“She asked me to open my mouth.  I did.  She looked in and said there was nothing wrong with me.  She told me I was wasting her time.  So I left.”

No instruments.  No nothing just as cursory examination before sending her on her way.  The Turk blew a gasket at the doctor and she told him that you don’t come to a dentist unless you are in pain.  She said it was unnecessary to do a cleaning.  The doctor then suggested that if Daughter’s teeth seemed unclean we should buy a toothbrush.  Such an excellent suggestion!  Capital idea!  The Turk ushered Daughter out the door and threw some expletives at the doctor as we went.

But he made it up to her.  When she came home from school today he told her to get changed and meet him downstairs.

After spending a moment being loved up by Stanley and his sore leg she ran downstairs to find – a new bike!

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When The Turk asked Daughter how she was her reply to him was, “Good as gold Dad.  Good as gold!”

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Sadness

I was extremely lucky as a child.  I grew up in a home with a mum and a dad who loved me and with a brother that, well, let me just say that he loved me (or maybe liked me) sometimes.  Then when I was 19 I got lucky again when I met my natural mum and dad.  I have forged a good relationship with my natural mother and my natural brothers and sister not the same as with my adopted family but a good relationship nevertheless.  Unfortunately I lost my adopted mother in 1995 and my dad a little while back.  I still see my natural family as often as we can arrange it (well I did when I lived in Australia anyway) but my little family had become very tiny indeed.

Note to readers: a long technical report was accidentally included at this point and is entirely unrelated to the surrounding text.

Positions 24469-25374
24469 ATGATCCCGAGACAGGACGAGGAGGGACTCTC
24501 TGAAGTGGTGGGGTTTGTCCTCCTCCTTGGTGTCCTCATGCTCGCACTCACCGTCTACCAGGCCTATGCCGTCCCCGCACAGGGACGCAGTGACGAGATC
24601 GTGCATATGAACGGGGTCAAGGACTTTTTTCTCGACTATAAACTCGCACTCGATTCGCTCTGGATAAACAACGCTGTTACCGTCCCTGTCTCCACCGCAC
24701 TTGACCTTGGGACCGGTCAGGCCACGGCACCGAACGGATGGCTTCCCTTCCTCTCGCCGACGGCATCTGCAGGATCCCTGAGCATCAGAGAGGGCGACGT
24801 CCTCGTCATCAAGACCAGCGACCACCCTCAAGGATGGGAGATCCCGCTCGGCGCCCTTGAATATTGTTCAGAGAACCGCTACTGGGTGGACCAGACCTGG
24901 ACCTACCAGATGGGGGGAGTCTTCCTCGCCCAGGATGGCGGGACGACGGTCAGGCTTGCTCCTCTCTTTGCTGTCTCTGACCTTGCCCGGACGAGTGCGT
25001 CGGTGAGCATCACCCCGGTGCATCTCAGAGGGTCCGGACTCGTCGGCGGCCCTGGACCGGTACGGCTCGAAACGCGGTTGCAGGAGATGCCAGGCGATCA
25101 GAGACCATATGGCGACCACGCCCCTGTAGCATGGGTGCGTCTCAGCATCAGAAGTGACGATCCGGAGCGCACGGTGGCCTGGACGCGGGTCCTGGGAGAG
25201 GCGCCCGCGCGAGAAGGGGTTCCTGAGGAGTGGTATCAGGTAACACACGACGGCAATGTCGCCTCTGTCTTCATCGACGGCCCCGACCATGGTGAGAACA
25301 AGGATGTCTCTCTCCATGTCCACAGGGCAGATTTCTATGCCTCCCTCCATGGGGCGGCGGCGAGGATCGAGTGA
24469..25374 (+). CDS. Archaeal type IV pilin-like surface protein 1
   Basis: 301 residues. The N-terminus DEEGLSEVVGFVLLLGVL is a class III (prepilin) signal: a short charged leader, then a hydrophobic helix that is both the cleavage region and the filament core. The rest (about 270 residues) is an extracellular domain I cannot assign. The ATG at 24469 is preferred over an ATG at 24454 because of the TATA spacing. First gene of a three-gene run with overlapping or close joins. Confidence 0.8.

One of our decisions to move to Turkey was to enable Daughter to have a relationship with her Turkish family and learn about her Turkish heritage.  Not every child can grow up to have the best of both worlds but we intend to give Daughter everything that we can.  So moving to Turkey it would be.

My luck continues in Turkey with family as well as I had a mother-in-law who I adored and a father-in-law who is a little batty but still a sweet old man.

My cup overflows so to speak.

Over the past couple of weeks my mother in law had had a cough.  Nothing drastic but a niggling cough that over time slowly got worse.  She had made numerous trips to the doctor and to the hospital but the cough was always there.  She still cooked her delicious meals and she still called me down “J-j-j-a-a-a-n-n-n-e-e-e” every morning for cay.  She still washed her husband’s clothes, made him dinner every evening and went to visit her friends in the village.  But you could see she was not strong.  Her smile was not as bright as it once was and her steps a little slower than they once were.  Her eyes showed more sadness but her heart was still full of the love that she gave to her family and friends.

On New Years Day my sister-in-law again took Refika to the hospital one last time where she fell into a coma and soon after passed away.  The sadness I feel right now is overwhelming me.  The tears that flow are real and pained.

I will delve further into this on another occasion but right now the feelings are too raw to process clearly.